Paris: France ordered prosecutors around the country to crack down on hate speech, anti-Semitism and glorifying terrorism, announcing today that 54 people had been arrested for those offenses since terror attacks left 20 dead in Paris last week, including three gunmen.
The order came as Charlie Hebdo's defiant new issue sold out before dawn around Paris, with scuffles at kiosks over dwindling copies of the satirical newspaper that fronted the Prophet Muhammad anew on its cover.
France has been tightening security and searching for accomplices since the terror attacks began, but none of the 54 people have been linked to the attacks. That's raising questions about whether President Francois Hollande's Socialist government is impinging on the very freedom of speech that it so vigorously defends when it comes to Charlie Hebdo.
Among those detained was Dieudonne, a controversial, popular comic with repeated convictions for racism and anti-Semitism.
Like many European countries, France has strong laws against hate speech and especially anti-Semitism in the wake of the Holocaust.
In a message distributed to all French prosecutors and judges, the Justice Ministry laid out the legal basis for rounding up those who defend the Paris terror attacks as well as those responsible for racist or anti-Semitic words or acts. The order did not mention Islam.
A top leader of Yemen's al Qaeda branch claimed responsibility today for the Charlie Hebdo attack, saying in a video the massacre came in "vengeance for the prophet."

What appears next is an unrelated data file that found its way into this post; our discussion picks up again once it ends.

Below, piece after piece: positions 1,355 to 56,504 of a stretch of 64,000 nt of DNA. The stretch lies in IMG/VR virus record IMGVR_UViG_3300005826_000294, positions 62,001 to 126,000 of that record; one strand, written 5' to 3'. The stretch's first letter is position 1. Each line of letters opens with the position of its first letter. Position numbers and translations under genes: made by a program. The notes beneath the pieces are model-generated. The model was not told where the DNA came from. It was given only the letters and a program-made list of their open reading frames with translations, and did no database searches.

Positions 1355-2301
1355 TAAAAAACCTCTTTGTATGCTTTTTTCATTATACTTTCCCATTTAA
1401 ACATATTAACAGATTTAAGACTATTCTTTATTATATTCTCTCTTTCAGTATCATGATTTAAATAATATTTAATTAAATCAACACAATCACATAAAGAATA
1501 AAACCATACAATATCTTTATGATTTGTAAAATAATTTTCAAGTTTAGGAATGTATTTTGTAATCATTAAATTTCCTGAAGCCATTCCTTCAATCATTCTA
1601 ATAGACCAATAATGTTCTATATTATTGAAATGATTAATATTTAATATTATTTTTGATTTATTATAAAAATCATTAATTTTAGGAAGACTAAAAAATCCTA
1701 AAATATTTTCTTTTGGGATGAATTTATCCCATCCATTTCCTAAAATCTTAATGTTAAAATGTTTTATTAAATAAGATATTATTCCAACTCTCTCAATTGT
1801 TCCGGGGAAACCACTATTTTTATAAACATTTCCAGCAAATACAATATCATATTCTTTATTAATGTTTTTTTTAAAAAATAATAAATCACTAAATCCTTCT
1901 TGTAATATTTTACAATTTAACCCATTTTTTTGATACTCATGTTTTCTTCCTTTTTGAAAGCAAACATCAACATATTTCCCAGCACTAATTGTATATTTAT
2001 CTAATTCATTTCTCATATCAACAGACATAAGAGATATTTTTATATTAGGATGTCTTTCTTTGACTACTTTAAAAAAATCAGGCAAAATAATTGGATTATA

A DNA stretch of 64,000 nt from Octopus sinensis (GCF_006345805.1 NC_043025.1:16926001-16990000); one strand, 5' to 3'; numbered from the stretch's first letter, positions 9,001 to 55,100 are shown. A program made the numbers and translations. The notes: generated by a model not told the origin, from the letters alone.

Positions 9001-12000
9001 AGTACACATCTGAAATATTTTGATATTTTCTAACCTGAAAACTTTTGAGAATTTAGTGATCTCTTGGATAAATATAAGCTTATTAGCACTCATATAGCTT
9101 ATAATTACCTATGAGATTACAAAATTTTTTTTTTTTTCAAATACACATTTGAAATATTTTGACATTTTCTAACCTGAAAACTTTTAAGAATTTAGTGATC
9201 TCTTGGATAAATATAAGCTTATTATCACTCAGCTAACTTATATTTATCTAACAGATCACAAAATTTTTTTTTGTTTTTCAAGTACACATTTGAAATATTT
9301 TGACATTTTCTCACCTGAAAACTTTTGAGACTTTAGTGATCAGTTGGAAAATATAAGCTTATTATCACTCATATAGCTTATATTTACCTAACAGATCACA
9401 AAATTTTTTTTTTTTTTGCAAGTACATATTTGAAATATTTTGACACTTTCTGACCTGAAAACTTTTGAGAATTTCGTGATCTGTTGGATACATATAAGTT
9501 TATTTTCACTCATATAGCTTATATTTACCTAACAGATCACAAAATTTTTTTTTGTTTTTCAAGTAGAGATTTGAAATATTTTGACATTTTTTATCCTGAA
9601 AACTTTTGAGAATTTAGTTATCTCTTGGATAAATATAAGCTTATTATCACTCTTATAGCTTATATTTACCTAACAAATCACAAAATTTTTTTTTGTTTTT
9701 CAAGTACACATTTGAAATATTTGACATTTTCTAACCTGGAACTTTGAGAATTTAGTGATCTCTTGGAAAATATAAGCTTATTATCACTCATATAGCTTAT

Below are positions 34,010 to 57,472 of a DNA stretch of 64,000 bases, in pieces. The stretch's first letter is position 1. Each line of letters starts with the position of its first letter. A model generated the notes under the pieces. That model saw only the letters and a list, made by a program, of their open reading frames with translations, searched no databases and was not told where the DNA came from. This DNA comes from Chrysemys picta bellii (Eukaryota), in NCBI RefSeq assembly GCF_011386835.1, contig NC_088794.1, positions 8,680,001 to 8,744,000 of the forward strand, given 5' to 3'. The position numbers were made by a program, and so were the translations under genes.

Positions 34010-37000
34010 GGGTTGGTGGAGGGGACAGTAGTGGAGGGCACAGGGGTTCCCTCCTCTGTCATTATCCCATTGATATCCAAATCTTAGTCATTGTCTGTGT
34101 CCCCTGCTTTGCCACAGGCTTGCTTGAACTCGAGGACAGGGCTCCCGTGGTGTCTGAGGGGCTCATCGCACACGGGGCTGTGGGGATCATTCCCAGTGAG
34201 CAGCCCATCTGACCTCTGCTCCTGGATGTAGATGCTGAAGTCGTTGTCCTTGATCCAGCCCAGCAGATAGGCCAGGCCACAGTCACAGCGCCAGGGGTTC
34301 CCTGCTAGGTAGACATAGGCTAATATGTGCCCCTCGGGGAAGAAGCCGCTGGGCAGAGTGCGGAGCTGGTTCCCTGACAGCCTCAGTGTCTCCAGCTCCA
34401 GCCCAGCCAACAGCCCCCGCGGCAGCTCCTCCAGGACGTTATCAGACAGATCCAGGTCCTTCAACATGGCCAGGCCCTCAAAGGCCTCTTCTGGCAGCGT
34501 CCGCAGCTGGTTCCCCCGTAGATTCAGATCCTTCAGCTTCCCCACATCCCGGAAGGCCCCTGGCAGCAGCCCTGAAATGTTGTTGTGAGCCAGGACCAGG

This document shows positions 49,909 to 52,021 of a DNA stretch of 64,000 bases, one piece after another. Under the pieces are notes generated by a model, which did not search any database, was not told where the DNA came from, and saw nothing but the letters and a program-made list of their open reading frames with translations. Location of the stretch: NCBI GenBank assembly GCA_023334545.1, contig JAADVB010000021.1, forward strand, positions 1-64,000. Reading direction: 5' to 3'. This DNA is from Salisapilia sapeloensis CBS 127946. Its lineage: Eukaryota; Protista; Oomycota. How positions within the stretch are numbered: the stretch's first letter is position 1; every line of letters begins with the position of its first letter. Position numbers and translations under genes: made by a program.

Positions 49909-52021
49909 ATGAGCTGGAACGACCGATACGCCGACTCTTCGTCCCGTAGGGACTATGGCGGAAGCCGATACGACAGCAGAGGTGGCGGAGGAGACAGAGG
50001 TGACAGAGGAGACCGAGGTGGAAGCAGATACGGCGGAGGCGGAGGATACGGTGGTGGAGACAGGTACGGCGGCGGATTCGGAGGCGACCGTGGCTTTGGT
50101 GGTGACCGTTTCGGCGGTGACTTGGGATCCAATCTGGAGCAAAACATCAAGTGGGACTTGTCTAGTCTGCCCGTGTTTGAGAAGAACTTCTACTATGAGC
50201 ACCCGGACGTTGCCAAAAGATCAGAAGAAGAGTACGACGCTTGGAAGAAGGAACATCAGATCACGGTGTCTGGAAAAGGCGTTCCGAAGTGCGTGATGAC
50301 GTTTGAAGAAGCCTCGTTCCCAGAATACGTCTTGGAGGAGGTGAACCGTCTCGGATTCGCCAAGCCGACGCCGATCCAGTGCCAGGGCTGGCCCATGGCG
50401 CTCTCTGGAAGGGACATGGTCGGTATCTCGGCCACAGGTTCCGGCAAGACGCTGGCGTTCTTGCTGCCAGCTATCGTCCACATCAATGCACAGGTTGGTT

The core of the irreverent newspaper's staff perished a week ago when gunmen stormed its offices, killing 12 people and igniting three days of bloodshed around Paris. The attacks ended Friday when security forces killed all three gunmen.
Working out of borrowed offices, Charlie Hebdo employees who survived the massacre put out the issue that appeared today with a print run of 3 million, more than 50 times the paper's usual circulation. Another run was being planned, one columnist said.
French police say as many as six members of a terrorist cell that carried out the Paris attacks on Charlie Hebdo and a kosher supermarket may still be at large, including a man seen driving a car registered to the widow of one of the now-dead gunmen. The country has deployed 10,000 troops to protect sensitive sites, including Jewish schools and synagogues, mosques and travel hubs.
The Justice Ministry said the 54 people included four minors and several had already been convicted under special measures for immediate sentencing. Inciting terrorism can bring a 5-year prison term or up to 7 years for inciting terrorism online.